Bamboo shoots are a healthy addition to any meal, flavored with seasoning, butter, or ghee, or used in a stir fry with proteins, vegetables, and sauce, or added to soups and salads. In Indonesia and the Philippines, bamboo shoots are made into a type of spring roll called Lumpia. Bamboo-shoot recipes abound on internet sites for both vegan and meat-based versions.
On my own land, a few gallon pots of bamboo planted several years ago have now morphed into a veritable forest both in height and in terrain covered. For this reason, many gardeners contain bamboo plants in a concrete trench or other boundaries.
Because of its high glass-like silica content, cutting bamboo cane isn’t easy but anyone can easily harvest its leaves. My fresh, organic leaves harvested this morning are dehydrating to use in tea, tea that costs approximately $6.55 per ounce in stores.
Last year, I was excited about horsetail, which we can wildcraft here, wanting the strong fingernails and beautiful hair that natural silicon imparts. But when I found out that bamboo leaf tea has ten times the silica that horsetail extract has, deciding to jumpstart the process was logical. Horsetail averages 5 to 8 percent organic silica. Bamboo leaf contains an amazing 70 percent organic silica.
Amazingly, this innocuous, ancient plant is a powerhouse of amino acids, fatty acids, vitamins, minerals, chlorophyll, soluble fiber, and carbohydrates. Medicinally, bamboo is cooling and calming. In addition to the uses listed above is it also good for digestion, obesity, lung, chest, stomach, heart, and urinary dysfunction.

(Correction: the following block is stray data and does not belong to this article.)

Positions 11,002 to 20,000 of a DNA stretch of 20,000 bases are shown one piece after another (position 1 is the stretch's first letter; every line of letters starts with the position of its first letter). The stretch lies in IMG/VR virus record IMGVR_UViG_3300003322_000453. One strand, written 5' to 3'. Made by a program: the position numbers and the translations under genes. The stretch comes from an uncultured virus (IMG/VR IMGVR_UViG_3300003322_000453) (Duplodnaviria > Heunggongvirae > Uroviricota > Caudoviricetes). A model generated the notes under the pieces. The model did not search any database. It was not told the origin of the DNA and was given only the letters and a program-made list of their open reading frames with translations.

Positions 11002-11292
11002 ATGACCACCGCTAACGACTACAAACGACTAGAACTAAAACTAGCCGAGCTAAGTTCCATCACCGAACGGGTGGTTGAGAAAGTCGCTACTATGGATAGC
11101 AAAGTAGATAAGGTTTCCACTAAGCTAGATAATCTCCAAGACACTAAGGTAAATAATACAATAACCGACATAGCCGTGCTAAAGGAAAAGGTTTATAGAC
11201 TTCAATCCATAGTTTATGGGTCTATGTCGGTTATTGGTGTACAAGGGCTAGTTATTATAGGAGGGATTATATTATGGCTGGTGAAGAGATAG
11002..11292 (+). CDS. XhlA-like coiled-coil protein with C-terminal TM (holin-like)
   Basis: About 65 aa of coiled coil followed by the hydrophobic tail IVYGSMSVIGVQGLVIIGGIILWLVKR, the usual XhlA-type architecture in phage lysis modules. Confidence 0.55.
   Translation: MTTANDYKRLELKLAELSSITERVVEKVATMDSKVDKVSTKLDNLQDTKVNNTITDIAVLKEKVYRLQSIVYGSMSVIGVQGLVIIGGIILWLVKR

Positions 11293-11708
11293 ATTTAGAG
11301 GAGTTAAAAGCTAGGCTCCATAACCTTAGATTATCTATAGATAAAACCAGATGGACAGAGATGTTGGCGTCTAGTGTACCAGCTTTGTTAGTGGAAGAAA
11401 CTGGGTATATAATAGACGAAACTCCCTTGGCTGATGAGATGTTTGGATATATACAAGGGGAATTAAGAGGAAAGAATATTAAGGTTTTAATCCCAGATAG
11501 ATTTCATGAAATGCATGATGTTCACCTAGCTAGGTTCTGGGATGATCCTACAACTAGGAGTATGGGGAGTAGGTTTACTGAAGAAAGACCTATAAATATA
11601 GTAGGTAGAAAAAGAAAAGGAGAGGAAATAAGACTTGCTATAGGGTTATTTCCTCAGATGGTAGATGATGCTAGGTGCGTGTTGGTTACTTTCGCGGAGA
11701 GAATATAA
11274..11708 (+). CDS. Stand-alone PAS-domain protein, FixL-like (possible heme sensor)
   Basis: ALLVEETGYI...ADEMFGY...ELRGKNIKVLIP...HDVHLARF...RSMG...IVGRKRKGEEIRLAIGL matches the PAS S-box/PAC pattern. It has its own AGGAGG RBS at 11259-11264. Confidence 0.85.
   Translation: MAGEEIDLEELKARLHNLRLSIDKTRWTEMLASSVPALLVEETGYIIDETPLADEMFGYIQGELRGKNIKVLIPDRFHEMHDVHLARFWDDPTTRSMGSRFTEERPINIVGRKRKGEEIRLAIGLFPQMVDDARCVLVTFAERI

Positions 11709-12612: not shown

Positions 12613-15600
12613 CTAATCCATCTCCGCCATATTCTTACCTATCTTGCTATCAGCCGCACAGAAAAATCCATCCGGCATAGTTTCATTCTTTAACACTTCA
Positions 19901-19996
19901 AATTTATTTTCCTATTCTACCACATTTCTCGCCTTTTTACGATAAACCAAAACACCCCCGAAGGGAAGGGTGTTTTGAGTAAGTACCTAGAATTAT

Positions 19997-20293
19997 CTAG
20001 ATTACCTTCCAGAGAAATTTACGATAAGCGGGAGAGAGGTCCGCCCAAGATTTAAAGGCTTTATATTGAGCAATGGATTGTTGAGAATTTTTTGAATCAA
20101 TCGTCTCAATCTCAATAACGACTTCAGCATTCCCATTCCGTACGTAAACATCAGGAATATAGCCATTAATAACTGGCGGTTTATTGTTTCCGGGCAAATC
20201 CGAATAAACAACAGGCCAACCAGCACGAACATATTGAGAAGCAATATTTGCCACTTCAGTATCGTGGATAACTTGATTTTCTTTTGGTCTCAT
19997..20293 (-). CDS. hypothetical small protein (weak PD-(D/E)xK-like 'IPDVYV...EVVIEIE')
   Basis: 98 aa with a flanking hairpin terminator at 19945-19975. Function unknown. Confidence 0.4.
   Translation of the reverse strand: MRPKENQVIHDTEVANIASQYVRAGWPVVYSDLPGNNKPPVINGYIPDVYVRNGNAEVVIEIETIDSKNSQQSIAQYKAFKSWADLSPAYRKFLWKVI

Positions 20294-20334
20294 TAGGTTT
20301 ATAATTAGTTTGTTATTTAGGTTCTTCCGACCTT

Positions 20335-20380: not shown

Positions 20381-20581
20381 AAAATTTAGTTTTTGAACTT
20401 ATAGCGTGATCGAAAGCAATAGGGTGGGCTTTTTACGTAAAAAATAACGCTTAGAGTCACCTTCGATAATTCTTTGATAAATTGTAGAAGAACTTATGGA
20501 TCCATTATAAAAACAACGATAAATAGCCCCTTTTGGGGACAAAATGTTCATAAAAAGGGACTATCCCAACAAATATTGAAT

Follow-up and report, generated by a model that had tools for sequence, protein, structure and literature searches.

It is also detoxifying and can quell inflammation. Bamboo leaves and shoots are important for male fertility, influencing thyroid hormones, balancing blood sugar levels, and they are a powerful antioxidant that can reduce cellular damage. Bamboo is good for bone and dental health and promotes general overall wellness. It is antibacterial and helps in asthma cases, too.
Lignins are a complex organic polymer deposited in the cell walls of many plants, including bamboo, making them rigid and woody. Lig-8, a lignophenol derivative from bamboo lignin, is a highly potent neuroprotectant protecting against apoptosis, a form of self-induced cell death.
Bamboo lignins can protect retinal ganglion cells. These cells die when a person develops glaucoma, leading to a loss of eyesight. The authors of a 2007 study that found “apoptotic cell death is associated with neurodegenerative disorders such as Alzheimer, Parkinson, or Huntington disease as well as glaucoma” and pointed to the potential benefits of lig-8, saying the substance could offer new approaches to treating neurodegenerative disorders.
With bamboo’s many benefits, you may want to find ways to include bamboo leaves and shoots in your diet. As with any natural substance, add the factor of time, typically a few months, in order to register benefits.
But beneath the surface, and likely beneath your notice, the king of grasses could restore your health on the cellular level—and with a great deal of pleasure in the process. Processing the bamboo leaf by dehydration doesn’t take long at all, which means you could go from harvest to cup quicker than you might think.
Here’s to inexpensive, sustainable health in a cup!
Kat Carroll is a nutritional therapy practitioner, executive director of the National Health Federation, and managing editor of the National Health Federation’s magazine, Health Freedom News, and is on the Board of Directors of the National Health Federation Canada and the Advisory Board for GreenMedInfo. This article was first published on the National Health Federation website, www.theNHF.com